Excerpts from A Roundtable Interview with Kim Peirce
Director of “Stop/Loss”
March 13, 2008
seemed to me that the emblematic story of America was boys signing
up, after 9/11, for patriotic reasons, to defend their country,
their home, their family, you know, a lot of times guys were going
on the buddy program…They go over there and they have that
profound experience that nearly every soldier I’ve talked to has
had, which is, what it’s really about is survival, protecting the
guy to your left and the guy to your right, putting somebody
else’s life ahead of your own, going into battle, and then the
challenges of coming home.
movie is in many places hard to watch.
brutality I’m writing about is coming from our culture.
This is about our families and our friends and what we’re
going through. I’m
very moved by the soldiers’ stories.
In order to get it right, I had to go deep inside their
psyches, their worlds, their experiences.
That was the only way to tell the story.
did the idea come from to make this movie?
came directly from my experience with 9/11.
I’d been living in
for 13 years, and when the Towers were hit, my friends were calling
me, saying, “Can I come over? Can
I come over?” So I
spent the day with my closest friends, and we were devastated, as
was in a state of mourning. I
don’t know if people who weren’t in
realized that. People
were wandering the streets wondering if their loved ones were still
declared war. It was
very obvious to me that we were in the midst of a seismic cultural
change. I immediately
knew that I was in love with the idea of these soldiers who
immediately enlisted, risking their lives for their country, not
knowing what was ahead, not knowing how they would be trained, not
knowing what the terrain would be like, and they didn’t know what
it would be like to come home. I’ve
always been a fan---meaning having a deep respect---for the history
of war, and how films have tried to capture that:
“Best Years of Our Lives,” “Patton,” “All’s Quiet
On The Western Front,” then
the newer stuff, “Battle Of Algiers,” “Apocalypse Now,”
“Deer Hunter,” “Born On The Fourth Of July,” “Coming
Home”…those are movies that move me deeply.
And I knew that we were in for some profound changes.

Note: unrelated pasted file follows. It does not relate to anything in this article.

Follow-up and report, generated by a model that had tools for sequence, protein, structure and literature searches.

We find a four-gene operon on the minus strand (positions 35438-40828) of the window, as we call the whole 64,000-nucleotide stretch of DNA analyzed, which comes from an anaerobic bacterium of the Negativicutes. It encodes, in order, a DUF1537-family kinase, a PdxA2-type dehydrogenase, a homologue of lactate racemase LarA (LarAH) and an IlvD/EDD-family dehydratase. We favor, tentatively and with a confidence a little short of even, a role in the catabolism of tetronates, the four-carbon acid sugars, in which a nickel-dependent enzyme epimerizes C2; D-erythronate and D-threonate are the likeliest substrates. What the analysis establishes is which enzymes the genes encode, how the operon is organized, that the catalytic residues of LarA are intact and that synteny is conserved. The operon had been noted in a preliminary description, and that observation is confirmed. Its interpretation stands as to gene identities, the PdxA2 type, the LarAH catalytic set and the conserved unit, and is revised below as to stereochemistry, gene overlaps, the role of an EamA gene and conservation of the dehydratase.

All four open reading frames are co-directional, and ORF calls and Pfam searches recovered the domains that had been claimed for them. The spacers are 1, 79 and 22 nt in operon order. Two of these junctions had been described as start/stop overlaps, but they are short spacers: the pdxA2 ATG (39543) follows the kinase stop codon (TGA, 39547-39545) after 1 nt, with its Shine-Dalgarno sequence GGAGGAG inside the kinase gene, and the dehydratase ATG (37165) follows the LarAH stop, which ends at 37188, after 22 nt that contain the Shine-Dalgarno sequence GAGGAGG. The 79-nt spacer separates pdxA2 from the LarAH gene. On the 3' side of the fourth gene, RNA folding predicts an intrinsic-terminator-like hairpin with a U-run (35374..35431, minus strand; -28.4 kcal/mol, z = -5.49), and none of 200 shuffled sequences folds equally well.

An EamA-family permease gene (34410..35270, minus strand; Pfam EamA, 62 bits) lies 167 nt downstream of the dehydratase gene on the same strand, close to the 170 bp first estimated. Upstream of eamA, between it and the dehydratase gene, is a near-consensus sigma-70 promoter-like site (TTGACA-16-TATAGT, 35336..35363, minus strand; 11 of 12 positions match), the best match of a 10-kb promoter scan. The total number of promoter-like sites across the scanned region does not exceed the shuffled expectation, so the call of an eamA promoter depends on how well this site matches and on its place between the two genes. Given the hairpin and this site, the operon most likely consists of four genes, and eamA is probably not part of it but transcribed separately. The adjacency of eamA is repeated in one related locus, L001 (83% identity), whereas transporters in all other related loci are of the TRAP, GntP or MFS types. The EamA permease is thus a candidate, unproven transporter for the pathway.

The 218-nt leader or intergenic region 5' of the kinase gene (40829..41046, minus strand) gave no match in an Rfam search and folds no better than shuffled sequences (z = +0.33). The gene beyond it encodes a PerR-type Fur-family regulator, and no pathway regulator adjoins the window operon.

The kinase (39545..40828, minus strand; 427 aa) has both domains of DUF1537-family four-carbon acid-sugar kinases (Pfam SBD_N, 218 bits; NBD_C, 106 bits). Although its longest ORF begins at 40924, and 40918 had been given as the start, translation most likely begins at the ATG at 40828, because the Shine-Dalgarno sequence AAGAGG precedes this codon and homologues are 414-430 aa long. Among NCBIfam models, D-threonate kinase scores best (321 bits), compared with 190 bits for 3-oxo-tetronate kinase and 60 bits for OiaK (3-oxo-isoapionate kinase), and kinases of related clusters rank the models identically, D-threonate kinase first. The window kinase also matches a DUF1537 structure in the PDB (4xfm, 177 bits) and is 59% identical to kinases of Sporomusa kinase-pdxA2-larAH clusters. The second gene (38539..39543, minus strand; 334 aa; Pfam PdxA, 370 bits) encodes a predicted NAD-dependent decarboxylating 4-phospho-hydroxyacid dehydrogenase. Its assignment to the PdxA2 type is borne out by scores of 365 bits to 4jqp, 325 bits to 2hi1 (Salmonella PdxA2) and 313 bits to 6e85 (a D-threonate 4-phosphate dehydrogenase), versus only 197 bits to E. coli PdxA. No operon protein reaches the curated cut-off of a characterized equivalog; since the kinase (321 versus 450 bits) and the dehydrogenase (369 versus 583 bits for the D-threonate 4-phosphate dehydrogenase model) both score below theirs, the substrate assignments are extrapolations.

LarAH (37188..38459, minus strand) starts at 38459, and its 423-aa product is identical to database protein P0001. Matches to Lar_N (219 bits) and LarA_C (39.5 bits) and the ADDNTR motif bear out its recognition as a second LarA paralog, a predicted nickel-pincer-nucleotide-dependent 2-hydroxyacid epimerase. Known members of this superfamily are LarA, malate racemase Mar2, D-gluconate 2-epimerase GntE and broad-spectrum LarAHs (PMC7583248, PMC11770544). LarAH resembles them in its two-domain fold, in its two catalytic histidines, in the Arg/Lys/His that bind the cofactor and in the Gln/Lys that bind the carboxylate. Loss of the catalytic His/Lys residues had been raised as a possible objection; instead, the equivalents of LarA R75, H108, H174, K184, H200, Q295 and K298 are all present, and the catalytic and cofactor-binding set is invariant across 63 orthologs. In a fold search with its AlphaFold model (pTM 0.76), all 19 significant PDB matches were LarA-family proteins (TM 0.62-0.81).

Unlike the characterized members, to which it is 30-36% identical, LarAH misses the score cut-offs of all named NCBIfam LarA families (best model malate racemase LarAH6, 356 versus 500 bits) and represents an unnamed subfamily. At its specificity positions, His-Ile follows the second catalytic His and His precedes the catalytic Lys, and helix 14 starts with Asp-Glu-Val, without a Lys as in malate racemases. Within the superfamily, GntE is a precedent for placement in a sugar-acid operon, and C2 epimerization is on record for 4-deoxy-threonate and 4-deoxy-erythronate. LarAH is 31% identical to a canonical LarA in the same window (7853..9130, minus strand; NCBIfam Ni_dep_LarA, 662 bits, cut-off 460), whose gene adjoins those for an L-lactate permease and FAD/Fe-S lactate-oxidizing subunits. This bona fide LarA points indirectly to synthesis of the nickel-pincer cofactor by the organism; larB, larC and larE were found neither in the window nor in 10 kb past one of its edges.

So I started looking at the soldiers.
Not long after that, my baby brother told us that he was
enlisting. Actually, he
told my mother, who called me, and asked if I could please talk him
out of it. Then when I
called him, he said, “Don’t try to talk me out of it.
I’m going.” That
really set in motion a profound experience for all of us.
We had a grandfather who fought in World War II, but this was
my baby brother. I was
IM-ing him all the time, from the day he landed in
, and all through
. My mother was
terrified. She said to
me, “You’ll never know what fear is, until you’ve had a child
shot at in a combat zone.” She
oftentimes wouldn’t come home from work, because that’s when
they always came then to deliver the news that your son was killed,
so she figured if she wasn’t there it wouldn’t happen.
Becoming a military family again was very intense.
But I couldn’t interview him, because he said, “My job is
a professional soldier. I’m
trained to fight, not to think.
And if you ask me to think too deeply about this, I could get
killed tonight on guard.” So
my interviews with the other soldiers were also shedding light on
him. It became clear to
me that I wanted to tell the emblematic story of this generation.
And while they signed up for patriotic reasons, they found
out it was about camaraderie. Their
frustration was, “They’re not letting us fight it the way we
need to win it. If we
continue to have to fight in these urban and suburban zones, we’re
going to kill innocent people---how could we not?---and we will
continue to lose men. And
they will be crippled.” And
that was heartbreaking for the people who prided themselves in being
leaders. Then, when they
came home, they just wanted to get out.
But now the military won’t let them out.
“Stop-Loss” is a backdoor draft.
the movie been received well by the vets themselves?
so. They’re saying, “You got it right.”
And what’s amazing is that many of them want to go back.
When I ask them “Why?”, they say, “Because being home
and being a husband and a father is incredibly hard…And I miss my
making this affect your view of the war?
very much. It
taught me that camaraderie is what binds these people together.
It moved me, because that’s such a human thing.
But the tragedy and the remorse of feeling like they were
sitting ducks, that they couldn’t protect themselves, that they
were accidentally killing innocent people---men will be devastated
their entire lives. It
deepened my awareness of the sensitivity of the human psyche.
And how deeply impossible this situation is for our soldiers.
And that breaks my heart.
And I’m scared and concerned about what happens when all
these men do come home.
Dr. Ronald P. Salfen, Pastor, Grace